Parental influence also plays a major part in the representation of women in industry. While 70 percent of approximately 600 women in the manufacturing industry would encourage their sons to join the sector, just 55 percent would encourage their daughters to pursue a manufacturing career, despite the fact that manufacturing jobs have higher hourly compensation — 17 percent more — than in other industries.
Attracting More Women to Manufacturing
The Joint Economic Committee Report and another report, Untapped resource: How manufacturers can attract, retain, and advance talented women, released by Deloitte and The Manufacturing Institute, highlights several solutions that can increase women’s role in manufacturing, listed below, along with a few examples of initiatives in action.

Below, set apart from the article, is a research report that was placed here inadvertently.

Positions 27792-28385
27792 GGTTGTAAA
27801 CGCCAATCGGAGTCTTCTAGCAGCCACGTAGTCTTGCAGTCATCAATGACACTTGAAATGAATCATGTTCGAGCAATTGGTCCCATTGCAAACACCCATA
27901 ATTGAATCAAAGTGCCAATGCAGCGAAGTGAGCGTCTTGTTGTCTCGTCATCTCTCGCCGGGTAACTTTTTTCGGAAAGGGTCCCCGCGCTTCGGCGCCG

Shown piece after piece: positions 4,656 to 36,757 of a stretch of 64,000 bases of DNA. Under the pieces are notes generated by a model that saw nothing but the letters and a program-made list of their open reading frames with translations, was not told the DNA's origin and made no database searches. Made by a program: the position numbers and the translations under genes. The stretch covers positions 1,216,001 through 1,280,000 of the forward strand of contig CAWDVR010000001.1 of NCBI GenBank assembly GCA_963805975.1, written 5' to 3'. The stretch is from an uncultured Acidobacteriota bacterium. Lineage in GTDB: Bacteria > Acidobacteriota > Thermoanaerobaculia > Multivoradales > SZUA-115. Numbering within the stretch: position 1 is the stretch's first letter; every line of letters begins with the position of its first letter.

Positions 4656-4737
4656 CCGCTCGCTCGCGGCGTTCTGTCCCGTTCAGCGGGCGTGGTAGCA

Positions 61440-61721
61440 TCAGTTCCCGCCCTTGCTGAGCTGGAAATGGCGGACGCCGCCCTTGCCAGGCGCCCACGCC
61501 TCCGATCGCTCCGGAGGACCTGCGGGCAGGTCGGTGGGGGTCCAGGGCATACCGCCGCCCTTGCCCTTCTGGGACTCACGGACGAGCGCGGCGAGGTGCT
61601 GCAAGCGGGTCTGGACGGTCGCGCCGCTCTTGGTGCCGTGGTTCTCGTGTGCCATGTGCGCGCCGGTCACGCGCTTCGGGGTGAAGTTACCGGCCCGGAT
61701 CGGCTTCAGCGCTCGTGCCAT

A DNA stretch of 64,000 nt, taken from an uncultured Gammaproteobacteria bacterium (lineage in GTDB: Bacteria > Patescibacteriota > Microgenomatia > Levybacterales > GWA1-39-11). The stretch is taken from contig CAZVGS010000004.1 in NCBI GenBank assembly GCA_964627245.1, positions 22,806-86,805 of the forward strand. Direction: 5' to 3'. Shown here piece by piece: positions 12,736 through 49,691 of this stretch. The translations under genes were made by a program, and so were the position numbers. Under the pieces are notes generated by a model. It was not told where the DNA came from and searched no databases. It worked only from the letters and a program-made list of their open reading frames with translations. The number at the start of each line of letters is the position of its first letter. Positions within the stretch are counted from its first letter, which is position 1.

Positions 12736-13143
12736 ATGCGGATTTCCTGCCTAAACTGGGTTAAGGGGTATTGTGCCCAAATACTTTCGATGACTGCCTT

1. Foster more STEM (science, technology, engineering and mathematics) education and participation for girls in elementary school. This can generate interest in diverse topics at a very young age. Initiatives such as STEM summer camps can help foster interest among all children, and other efforts, such as The Girl Scout program for STEM, educates through cooperative learning. The Girl Scouts organization explains that girls express more interest in STEM when they see how their work can help others and make a difference. Still another initiative, Introduce a Girl to Engineering Day, can help educate and foster interest through public events and engineering sessions.
Those with celebrity status can also make a difference. During a recent interview with CNN, Chelsea Clinton emphasized that young girls need stronger role models in industry, namely STEM, and explained how girls fall off the industry radar even before they reach working age.